December 26, 2007

Lumber Gals

From left: coat: Kerry Buffalo@ Urban Outfitters, sweatshirt: Kiser@ Karmaloop online, jacket: Roxy

The last time I saw somebody sporting a plaid flannel was 2 years ago in Boston, when i ran into an old friend from Minnesota, who was donning a sloppy black and red one. I was with a friend from LA. We exchanged introductions and small talk, and after we parted ways my LA friend turned to me and blankly said: is that how all people from Minnesota dress. All the tractor-driving, redneck stereotypes i'd so vehemently attempted to denounce during my four years at school in Boston at that moment went to hell. I'd hidden my accent well, and brushed off hundreds of attacks every winter that claimed "i should be used to this mind-numbing cold beacuse I am from Minn-a-sooo-tah". I hate Fargo, no matter how many oscars it won. Nobody ever wanted to take a style hint from the land of (it's now 20,000, thanks) lakes, so why is Paul Bunyan's (the same guy that was the basis for the Mall of America's Log Ride) lumberjack look popping up everywhere?

From left: shorts: Patrizia Pepe@, vest: L.A.M.B., coat: Philip Lim 3.1

November 28, 2007

Penelope Cruz for December Vogue

"You cannot live your life looking at yourself from someone else's point of view"

Regarding my opinion of Penelope Cruz, I've always been neither here nor there. In Vanilla Sky, she was fairy-tale, overly adorable, almost childlike with a forced free-spirited laughter. She whined too much in Blow, albeit she played the nagging wife with the husband in jail role well. And then Almodóvar places her in her native Spanish-speaking roles where she is suddenly her best; her cuteness matures and she is Spain's leading lady of cinema.

After reading Vogue's December cover story of Penelope, I decided I liked her. She could be an Audrey Hepburn role, a femme fatale, or even a screwball comedy protagonist as Almodóvar suggested. Writer Gaby Wood angles the piece to illustrate Penelope's Almovodar-coined "proletariat" spirit-something uniting compassion, hard-work and worthiness of success. The shoot was photographed by Annie Leibovitz, who captures the spirit of a woman incredibly, in Segovia, Spain. Styled in gowns by Marchesa, she captures the essence of a Spanish rose, reflecting both an embedded image of a Spanish princesa and her forthcoming film Manolete, about a Spanish bullfighter who sacrifices his animal rights beliefs for the love of a woman. As for her collaboration with MANGO, she flashes red lips, flapper dresses, and sophisticated business attire, which she co-designed with her sister. At heart I think she really is a girl of the people, but not far is her high society Madrileño costume for when she needs it.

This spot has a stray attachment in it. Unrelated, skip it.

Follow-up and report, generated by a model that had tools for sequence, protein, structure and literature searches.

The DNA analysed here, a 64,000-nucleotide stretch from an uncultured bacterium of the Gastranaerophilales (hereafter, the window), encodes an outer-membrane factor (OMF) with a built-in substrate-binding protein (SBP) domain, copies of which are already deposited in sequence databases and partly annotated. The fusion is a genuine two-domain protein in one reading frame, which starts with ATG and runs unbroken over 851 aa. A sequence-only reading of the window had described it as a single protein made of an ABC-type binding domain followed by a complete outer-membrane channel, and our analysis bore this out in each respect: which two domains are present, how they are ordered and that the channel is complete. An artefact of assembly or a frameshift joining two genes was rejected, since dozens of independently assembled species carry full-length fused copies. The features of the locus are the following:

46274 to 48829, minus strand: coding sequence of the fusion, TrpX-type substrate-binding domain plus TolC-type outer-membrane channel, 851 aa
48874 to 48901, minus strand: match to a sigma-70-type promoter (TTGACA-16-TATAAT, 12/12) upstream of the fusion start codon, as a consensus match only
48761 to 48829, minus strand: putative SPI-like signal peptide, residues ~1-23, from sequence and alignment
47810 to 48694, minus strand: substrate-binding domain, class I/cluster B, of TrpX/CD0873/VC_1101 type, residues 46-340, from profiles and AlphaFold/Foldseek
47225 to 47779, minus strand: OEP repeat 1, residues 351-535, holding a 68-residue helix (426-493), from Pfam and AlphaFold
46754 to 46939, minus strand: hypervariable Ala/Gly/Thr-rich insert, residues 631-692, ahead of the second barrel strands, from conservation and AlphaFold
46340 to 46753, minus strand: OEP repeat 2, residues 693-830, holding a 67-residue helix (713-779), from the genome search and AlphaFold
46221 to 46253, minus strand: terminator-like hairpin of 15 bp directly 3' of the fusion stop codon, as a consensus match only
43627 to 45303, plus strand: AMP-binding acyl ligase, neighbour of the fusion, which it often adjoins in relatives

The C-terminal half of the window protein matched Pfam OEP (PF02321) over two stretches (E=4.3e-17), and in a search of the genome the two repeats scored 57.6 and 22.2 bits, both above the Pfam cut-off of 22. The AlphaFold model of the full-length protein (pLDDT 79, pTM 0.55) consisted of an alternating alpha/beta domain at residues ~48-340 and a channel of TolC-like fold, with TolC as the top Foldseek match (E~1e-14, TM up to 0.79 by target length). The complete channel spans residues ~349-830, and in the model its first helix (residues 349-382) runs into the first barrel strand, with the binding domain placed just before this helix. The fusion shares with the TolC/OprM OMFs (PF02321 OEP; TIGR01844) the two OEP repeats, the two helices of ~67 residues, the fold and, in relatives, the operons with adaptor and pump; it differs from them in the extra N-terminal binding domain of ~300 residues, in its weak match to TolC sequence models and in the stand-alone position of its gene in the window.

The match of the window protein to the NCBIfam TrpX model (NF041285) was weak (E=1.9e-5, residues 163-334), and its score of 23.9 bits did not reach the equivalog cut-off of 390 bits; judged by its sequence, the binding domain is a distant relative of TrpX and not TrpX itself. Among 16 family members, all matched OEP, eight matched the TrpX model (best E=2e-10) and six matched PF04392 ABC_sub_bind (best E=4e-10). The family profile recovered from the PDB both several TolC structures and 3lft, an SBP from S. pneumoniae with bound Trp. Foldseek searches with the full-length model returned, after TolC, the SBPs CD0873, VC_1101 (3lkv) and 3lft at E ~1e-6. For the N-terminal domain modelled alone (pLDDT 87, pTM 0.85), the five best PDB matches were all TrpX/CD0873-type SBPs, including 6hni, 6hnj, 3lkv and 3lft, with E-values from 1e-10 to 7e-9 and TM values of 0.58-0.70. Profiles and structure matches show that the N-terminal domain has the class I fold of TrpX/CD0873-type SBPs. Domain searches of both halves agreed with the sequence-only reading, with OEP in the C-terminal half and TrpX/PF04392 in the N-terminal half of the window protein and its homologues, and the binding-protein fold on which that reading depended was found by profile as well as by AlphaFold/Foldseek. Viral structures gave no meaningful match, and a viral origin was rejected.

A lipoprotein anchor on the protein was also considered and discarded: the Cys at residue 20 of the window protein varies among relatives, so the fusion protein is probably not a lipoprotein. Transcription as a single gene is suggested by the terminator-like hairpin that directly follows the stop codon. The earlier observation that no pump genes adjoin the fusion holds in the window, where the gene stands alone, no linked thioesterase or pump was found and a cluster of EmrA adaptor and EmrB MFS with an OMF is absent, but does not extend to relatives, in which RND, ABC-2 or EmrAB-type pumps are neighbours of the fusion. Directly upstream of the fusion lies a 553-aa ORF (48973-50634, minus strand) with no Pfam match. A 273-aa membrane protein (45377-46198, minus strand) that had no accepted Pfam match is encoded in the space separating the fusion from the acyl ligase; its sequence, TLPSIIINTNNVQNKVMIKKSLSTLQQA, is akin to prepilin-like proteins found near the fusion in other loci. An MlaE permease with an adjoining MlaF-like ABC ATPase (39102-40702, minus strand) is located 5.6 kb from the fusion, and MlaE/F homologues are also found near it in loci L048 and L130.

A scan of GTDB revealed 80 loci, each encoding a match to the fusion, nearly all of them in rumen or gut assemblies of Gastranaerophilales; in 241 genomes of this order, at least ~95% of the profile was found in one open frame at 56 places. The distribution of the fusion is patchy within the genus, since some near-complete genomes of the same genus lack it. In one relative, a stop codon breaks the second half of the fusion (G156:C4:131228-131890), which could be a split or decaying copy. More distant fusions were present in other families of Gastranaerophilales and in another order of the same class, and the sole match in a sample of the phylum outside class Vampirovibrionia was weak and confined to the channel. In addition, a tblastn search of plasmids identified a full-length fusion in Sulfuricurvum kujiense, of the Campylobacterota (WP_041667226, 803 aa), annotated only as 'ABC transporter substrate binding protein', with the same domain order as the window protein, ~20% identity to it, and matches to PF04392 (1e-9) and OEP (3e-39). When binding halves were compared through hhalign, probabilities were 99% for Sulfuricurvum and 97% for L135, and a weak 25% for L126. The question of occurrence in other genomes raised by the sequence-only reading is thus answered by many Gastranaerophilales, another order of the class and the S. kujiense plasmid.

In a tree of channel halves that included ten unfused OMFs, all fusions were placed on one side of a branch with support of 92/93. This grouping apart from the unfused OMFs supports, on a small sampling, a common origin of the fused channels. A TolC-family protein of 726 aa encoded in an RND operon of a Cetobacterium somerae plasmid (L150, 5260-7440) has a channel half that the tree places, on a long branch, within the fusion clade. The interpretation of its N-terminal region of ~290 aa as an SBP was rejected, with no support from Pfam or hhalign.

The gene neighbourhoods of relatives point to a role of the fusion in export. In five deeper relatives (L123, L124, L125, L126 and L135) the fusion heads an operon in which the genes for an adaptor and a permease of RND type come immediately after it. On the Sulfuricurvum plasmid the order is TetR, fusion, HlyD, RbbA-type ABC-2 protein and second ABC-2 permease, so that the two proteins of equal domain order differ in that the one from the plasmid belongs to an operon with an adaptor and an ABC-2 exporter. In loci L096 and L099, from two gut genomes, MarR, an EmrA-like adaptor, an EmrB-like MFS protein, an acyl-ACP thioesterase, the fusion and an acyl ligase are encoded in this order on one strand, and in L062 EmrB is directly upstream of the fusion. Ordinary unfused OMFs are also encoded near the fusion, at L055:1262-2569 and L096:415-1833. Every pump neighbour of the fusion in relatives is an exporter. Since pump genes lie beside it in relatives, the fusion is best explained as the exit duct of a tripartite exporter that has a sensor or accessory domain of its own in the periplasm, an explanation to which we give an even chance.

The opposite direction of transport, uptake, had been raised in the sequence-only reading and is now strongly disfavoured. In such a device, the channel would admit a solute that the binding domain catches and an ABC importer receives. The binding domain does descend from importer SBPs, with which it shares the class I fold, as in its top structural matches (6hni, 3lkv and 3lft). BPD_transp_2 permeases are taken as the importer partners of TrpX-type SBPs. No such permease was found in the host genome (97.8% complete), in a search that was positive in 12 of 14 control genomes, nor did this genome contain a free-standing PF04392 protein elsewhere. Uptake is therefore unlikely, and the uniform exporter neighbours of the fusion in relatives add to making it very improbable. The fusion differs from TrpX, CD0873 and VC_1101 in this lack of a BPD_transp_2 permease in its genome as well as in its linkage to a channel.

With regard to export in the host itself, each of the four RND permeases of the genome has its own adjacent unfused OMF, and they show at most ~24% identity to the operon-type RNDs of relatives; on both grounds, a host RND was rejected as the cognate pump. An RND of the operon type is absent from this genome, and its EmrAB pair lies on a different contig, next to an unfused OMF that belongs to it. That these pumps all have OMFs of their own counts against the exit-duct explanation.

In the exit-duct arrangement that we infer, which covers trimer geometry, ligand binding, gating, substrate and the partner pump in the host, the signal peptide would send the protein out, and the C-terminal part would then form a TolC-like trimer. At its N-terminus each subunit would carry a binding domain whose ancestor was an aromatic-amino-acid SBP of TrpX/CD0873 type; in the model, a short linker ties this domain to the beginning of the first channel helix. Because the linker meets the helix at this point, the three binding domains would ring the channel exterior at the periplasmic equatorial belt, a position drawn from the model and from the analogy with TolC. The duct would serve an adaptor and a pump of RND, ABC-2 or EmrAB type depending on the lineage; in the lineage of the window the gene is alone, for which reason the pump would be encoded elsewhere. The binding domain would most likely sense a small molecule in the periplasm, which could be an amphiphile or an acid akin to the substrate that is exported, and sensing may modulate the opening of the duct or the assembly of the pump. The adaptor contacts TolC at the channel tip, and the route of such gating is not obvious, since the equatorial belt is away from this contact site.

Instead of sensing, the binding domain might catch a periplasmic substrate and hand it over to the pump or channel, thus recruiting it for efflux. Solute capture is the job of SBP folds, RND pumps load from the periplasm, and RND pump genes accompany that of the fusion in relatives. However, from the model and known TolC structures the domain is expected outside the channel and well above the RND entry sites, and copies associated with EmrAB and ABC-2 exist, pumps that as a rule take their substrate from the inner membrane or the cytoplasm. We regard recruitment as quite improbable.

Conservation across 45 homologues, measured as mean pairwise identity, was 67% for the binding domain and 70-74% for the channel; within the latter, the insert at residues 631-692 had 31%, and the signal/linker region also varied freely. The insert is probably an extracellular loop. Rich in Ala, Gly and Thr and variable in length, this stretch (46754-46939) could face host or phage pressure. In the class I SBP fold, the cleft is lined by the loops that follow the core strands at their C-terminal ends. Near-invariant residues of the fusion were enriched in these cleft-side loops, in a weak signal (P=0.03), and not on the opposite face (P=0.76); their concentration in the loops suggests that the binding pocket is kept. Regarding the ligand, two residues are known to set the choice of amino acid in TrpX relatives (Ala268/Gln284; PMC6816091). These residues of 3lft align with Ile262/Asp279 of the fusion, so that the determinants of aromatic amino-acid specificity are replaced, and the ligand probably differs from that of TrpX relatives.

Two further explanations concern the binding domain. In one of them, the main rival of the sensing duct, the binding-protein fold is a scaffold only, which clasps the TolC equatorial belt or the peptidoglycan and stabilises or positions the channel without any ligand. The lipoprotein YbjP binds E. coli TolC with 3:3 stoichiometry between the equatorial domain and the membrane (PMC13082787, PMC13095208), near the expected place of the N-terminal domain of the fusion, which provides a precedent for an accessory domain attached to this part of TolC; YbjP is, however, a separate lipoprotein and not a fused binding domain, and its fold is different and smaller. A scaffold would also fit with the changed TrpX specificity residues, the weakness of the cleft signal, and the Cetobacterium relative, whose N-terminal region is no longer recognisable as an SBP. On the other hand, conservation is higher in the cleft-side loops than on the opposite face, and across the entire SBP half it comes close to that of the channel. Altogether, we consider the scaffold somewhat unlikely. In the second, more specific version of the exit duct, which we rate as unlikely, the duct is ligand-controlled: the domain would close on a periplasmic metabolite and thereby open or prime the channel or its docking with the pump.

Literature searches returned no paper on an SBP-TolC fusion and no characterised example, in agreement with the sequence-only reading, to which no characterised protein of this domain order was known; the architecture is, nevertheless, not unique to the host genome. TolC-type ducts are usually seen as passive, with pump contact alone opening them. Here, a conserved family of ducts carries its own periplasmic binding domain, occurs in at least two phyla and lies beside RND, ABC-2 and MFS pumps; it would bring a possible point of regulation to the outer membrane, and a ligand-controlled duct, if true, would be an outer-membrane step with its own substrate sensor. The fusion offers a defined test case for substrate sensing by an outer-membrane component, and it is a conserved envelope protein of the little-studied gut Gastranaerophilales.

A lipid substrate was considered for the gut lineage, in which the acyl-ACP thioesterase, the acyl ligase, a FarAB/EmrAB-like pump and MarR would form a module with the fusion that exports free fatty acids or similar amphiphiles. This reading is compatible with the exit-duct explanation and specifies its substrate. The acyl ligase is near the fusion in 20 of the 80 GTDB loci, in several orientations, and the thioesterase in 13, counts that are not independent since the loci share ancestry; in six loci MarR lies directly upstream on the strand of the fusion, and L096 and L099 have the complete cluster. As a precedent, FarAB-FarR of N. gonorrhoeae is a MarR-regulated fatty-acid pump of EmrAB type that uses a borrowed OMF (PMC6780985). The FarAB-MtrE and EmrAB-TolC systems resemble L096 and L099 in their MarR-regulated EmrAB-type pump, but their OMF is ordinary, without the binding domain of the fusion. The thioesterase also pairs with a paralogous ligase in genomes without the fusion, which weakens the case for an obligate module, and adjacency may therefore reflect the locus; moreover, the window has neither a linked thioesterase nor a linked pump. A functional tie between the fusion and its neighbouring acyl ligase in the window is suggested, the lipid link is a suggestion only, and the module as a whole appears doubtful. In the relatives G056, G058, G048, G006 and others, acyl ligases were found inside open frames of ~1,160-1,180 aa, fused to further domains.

November 16, 2007

Alicia Keys: Hard not to love her as she is

Alicia Keys' As I Am

Most female artists release albums that reflect a general style for that chunk of their life to which it's dedicated: mad love-soaked ballad-ing, soul-searching lyrics mixed with self re-empowerment, or a brush up with a new-found music era that's been done before. But Alicia doesn't need some overblown inspiration, rather a few pages from her diary-today she is lonely, tomorrow she is repressed and has to "tell you something", and on the 15th she's realized she's gathered enough strength to be Superwoman.

She opens the CD isolating a moment for her famous piano skills to shine, then proceeds into her heartful, heavily soulful third studio album. The first 2 songs I immediately couldn't stop listening to were "wreckless love" and "where do we go". Wreckless love is the most refreshing-her sometimes raspy voice has a clear pitch all the way through. In this song, I feel as if she's written off all the other emotions she's poured into the album and admitted us into a free-wheeling love affair. Where do we go starts off like an old fuzzy jazz record, gathers some swing and breaks out into a gospel song complete with organs and drums. Industrial, harmonic, full of movement-"all i can do is follow the tracks of my tears," she wails. "Pain" is belted out with such a bittersweet melody, it's more reminiscent of a helpless cry for freedom. Collaborations with Jamie Foxx and John Mayer don't add anything at all. No one, though I swear I am sick of it, is just too hard to skip once that piano strikes. One of my favorite lyrics, from Sure looks good to me: ...and me and myself we're turning around, we're getting old.

November 14, 2007

In that Navy

i've been looking for the perfect navy/gold detail blazer and i've just found it on Birdie Bell, who wore it to Elton John's Chopard party. Not sure of the designer-and maybe it's Birdie-but she pulls off a relaxed look from a sophisticated cut..(how cool are those tights too?)

November 8, 2007

WinteR BLues BrinG RuBy SHoes

From left: Dorothy in Oz, Audrey in Sabrina, Rhianna (performing at the WMA's)